Calls to have the Nuremberg rally ground restored and made into a permanent memorial and reminder of the evil of Nazism have been raised by locals in Nuremberg. The cost of the renovations could exceed 70 million Euros and would have to be paid by the German taxpayer.
Locals are divided.
Since the end of World War Two the rally ground has lain empty and deserted, but certain areas are open to the public so they can see the extremism of the Nazi regime. The grounds are the largest concentration of Nazi buildings in one place.
Watch the Swastika being blown from the top of the grandstand:
Nuremberg is a city in Germany’s south eastern state of Bavaria, around 170kms north of Munich. In the 1930s this area was Nazi country. Huge rallies and marches were held in the area in the very beginnings of Nazism.
The Nuremberg Nazi party rally grounds were developed in the late 1920s and early 30s. The grounds are the largest concentration of Nazi buildings in one place. By 1933 the largest of the Nazi party congresses was held there. Hitler called it the ‘Reichsparteitag des Sieges’ or Reich Party Congress of Victory.
Throughout the 1930s the party held six congresses at the rally grounds. Thousands attended and the images have become infamous showing Hitler’s egotism at its highest peak, as his party members treated him like a movie star, waving, cheering and devoting themselves to the Nazi cause, the Mail Online reports.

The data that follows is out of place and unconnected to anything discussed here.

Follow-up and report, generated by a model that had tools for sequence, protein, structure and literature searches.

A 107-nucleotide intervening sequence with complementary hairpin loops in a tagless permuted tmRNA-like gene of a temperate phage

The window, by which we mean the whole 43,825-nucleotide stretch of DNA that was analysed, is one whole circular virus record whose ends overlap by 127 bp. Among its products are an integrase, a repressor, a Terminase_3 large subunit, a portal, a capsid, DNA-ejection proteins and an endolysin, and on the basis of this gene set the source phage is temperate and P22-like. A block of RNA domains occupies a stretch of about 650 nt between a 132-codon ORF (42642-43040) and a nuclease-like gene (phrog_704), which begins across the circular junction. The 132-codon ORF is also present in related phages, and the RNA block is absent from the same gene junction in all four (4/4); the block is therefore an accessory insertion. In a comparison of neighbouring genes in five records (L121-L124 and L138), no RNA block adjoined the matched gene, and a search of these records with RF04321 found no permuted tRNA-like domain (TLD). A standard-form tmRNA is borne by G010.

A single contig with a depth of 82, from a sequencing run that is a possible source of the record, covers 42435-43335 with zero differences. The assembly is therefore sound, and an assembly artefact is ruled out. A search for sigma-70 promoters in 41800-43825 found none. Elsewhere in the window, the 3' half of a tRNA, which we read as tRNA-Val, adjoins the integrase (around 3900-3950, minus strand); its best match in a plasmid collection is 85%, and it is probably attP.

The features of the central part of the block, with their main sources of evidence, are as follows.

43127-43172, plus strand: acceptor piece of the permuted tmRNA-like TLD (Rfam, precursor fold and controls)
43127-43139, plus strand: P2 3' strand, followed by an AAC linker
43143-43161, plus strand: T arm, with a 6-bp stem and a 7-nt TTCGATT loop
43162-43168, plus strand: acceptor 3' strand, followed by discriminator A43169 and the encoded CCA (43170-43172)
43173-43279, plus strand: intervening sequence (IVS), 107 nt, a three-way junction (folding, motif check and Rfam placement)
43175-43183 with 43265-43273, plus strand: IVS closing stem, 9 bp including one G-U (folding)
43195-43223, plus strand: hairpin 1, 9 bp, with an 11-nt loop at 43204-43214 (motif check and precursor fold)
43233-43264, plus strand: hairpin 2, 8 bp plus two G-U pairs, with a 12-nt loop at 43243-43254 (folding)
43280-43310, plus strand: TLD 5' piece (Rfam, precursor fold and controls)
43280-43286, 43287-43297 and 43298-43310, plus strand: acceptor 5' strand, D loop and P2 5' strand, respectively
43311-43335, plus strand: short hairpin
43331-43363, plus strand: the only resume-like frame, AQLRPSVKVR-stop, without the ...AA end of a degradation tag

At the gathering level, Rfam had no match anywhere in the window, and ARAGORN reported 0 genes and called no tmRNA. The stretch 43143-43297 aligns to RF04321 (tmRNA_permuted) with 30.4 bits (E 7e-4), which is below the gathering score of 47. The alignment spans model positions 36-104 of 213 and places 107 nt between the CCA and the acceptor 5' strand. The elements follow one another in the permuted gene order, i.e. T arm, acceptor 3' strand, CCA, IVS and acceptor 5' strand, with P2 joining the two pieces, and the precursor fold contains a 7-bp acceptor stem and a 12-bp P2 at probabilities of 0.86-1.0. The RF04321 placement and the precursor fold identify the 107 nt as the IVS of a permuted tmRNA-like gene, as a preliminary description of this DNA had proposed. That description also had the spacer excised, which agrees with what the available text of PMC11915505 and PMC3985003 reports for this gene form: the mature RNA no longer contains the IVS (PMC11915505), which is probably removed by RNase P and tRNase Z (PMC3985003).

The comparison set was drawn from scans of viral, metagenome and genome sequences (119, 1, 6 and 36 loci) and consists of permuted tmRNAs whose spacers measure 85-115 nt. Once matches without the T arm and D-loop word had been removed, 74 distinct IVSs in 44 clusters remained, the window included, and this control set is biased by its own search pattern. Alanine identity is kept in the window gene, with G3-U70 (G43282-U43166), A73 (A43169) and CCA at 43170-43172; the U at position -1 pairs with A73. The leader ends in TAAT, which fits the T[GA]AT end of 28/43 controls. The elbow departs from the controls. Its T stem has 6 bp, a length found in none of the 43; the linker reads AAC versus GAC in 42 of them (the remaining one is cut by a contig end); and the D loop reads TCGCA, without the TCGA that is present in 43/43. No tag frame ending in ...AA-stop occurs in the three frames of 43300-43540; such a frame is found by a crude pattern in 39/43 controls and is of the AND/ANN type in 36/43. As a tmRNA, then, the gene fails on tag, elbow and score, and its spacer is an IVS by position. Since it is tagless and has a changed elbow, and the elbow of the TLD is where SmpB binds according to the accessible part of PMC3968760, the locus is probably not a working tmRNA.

When it was built, Hitler said it would last for more than 1000 years. Tens of thousands would march in choreographed sequences.
Today it is a sad reflection of decay and desolation, empty and devoid of life it is a far cry from what Hitler had intended it to be. Now some members of the Nuremberg city council are calling for the ruins to be renovated. They say there are two choices – to renovate and repair the site, or to let it continue falling into disrepair.
If the structure remained, many areas would need to be closed off and it would still need constant funding for management, basic up-keep and security. But many say that if the structure remains it will become a centre for worship and pilgrimage for new-Nazis.
Ulrich Maly, the mayor of Nuremberg, will be approaching Germany’s federal government for the funds to renovate the site.The locals are only too aware of the value of the site for the local economy since it brings in around 200,000 people for guided tours of the site, plus more for those who visit of their own accord every year.
Nuremburg Rally 1938 in color: